Successful fabrication of vascularized 3D tissue constructs in vitro
The development of vascularized 3D tissue constructs in vitro is a growing research area in tissue engineering and in other fields of biology and medical research. In this dissertation, we attempt to develop a method for fabricating vascularized 3D tissue constructs in vitro with a bottom up approach: 3D tissues are assembled from non-diffusion-limited-sized tissue parts, which can be shaped as sheets, spheroids, fibers or other types of cellular aggregates. The author chose to use a tubular construct and cellular spheroids as the basic building blocks for assembling 3D tissues.
We assembled a 3D tissue construct with a solid fiber wrapped with a human endothelial cells layer and human hepatoma cell-enclosing capsules with outer human endothelial cells layer. A fiber structure was used for the production of a tubular construct in the tissue (simulating an artery or a vein) after fiber degradation. The capsule assembly made up the engineered tissue. The human endothelial cells layer wrapped on the capsule surfaces provided the original cellular source for vascularizing the tissue construct and pre-regulated the distribution of the resultant vascular network (simulating the capillary network). Because the cell-enclosed capsule was used as a tool for manufacturing cellular spheroids, the 3D tissue constructs obtained in this work possessed high cell density. The existence and the rational distribution of the vascular structures allowed internal cells to maintain a high viability. In addition, the perfusion results of 3-µm particles suggested the potential function of these vascular structures for transporting mass to the whole tissue construct similar to the function of normal blood vessels in our bodies.
In summary, this dissertation has successfully established a simple but efficient method for fabricating vascularized 3D tissues with high cell density and functional vascular structure. Considering the promising results, the author anticipates that this method will greatly contribute to develop in vitro tissues with complex architectures and functions comparable to normal tissues for various fields of use.
Construction of 3-dimentional (3D) tissues in vitro is a growing research area with the ultimate goal of replacing or restoring physiological functions of tissues or organs lost due to disease or injury. The vascularization of the thick tissues (i.e. millimeter-thick) is required for internal cells to overcome the diffusion limitations of oxygen and nutrients; however, this still remains an issue. The aim of this dissertation is to develop a method of directly assembling vascularized micro tissue constructs as elemental parts with a non-diffusion-limited size to generate millimeter-thick 3D tissue constructs.
In Chapter 1, the concepts and methodologies described in previous reports for fabricating 3D tissue constructs were summarized to clarify the problems that should be solved and the strategies employed in this study.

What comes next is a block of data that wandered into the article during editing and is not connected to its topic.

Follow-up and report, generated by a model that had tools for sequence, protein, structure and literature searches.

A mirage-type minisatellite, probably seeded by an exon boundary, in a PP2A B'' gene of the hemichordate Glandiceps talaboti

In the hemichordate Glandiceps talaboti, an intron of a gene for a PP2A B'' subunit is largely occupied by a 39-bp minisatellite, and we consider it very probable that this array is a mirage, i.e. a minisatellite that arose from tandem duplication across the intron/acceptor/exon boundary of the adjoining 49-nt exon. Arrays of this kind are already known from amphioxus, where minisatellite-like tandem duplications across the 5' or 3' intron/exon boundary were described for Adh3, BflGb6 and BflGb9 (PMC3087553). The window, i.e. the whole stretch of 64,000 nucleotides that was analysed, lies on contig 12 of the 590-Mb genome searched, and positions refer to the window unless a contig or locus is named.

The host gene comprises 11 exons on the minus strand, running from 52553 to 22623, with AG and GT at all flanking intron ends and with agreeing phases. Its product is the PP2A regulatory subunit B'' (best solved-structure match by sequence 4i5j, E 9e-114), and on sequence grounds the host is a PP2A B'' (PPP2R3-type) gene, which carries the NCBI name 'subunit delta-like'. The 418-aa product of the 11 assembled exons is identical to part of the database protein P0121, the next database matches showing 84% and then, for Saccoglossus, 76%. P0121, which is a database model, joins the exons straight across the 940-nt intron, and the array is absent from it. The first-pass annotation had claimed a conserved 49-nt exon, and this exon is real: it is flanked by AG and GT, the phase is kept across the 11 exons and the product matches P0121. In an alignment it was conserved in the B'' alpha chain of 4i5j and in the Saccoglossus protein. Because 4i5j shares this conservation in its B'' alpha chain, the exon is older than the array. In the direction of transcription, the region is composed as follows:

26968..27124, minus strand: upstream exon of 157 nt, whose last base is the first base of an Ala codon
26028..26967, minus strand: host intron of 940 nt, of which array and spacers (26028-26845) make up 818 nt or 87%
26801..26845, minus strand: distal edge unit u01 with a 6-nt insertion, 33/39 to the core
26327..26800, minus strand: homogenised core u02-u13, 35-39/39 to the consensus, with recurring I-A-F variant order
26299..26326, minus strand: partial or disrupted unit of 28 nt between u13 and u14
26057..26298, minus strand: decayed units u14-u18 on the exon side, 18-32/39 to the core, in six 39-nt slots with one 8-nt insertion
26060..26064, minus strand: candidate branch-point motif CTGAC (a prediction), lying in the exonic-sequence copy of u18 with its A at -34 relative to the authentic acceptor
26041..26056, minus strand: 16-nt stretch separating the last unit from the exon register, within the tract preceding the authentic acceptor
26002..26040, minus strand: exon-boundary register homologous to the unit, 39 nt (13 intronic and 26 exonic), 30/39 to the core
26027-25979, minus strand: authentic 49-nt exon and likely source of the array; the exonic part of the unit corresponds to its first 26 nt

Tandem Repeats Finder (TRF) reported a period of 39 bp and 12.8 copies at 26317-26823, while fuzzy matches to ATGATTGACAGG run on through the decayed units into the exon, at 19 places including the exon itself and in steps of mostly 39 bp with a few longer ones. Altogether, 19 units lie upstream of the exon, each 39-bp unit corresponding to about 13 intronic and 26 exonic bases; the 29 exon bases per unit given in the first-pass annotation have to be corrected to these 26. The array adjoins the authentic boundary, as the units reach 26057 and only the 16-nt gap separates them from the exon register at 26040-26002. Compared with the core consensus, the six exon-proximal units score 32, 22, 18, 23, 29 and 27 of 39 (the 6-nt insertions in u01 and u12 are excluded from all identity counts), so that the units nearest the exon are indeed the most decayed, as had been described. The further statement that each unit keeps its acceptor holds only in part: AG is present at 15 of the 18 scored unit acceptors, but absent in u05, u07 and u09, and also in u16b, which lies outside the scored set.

In Chapter 2, cell-enclosed hydrogel fiber templates with cell adhesive surfaces were developed for the preparation of tubular and filamentous constructs. The fiber templates were composed of alginate derivative (alginate-Ph) possessing phenolic hydroxyl (Ph) moieties and coated by gelatin derivative (gelatin-Ph) possessing Ph moieties via a horseradish peroxidase (HRP)-catalyzed cross-linking reaction. The on-demand degradability of the hydrogel templates was also confirmed.
In Chapter 3, cell-enclosed hydrogel capsules were developed as a tool for manufacturing cellular spheroids with an outer vascular cells sheath. New hydrogels were developed for producing the capsules. Amylopectin-Ph was prepared to form a serum removable hydrogel that was applied for the formation of the hollow core in the capsules as a sacrificial template. The impact of composition of alginate-Ph and gelatin-Ph in conjugated hydrogels on cell adhesiveness and degradability by alginate lyase was clarified, in order to allow the alginate-Ph and gelatin-Ph conjugated hydrogel to be used to compose the membrane of the capsule.
In Chapter 4, the hydrogel fibers wrapped with an endothelial cells layer was combined with an assembly of cellular spheroids enclosed in hydrogel capsules and also with an endothelial cell sheath to generate a 3D tissue construct in collagen gel. The micro tissue constructs were obtained using the methods established in Chapter 2 and 3. New tubules sprouted from the preexisting endothelial structures and formed connecting networks among the micro tissue constructs after culture in proangiogenic medium. The distribution of the preexisting endothelial structures regulated the geometry of the resultant networks, which permitted the transport of 3-μm particles from the tubular structure, formed after the removal of hydrogel templates, throughout the 3D tissue construct. Ultimately, the resultant 3D tissue construct was made only from cells, and native extracellular matrix (collagen gel) without any synthetic hydrogel scaffold residue.
In Chapter 5, the studies for this dissertation were summarized and the suggestions for future work were proposed.
This work offers a new avenue to produce vascularized 3D tissue constructs in vitro for the replacement or restoration of the functions of natural tissues or organs.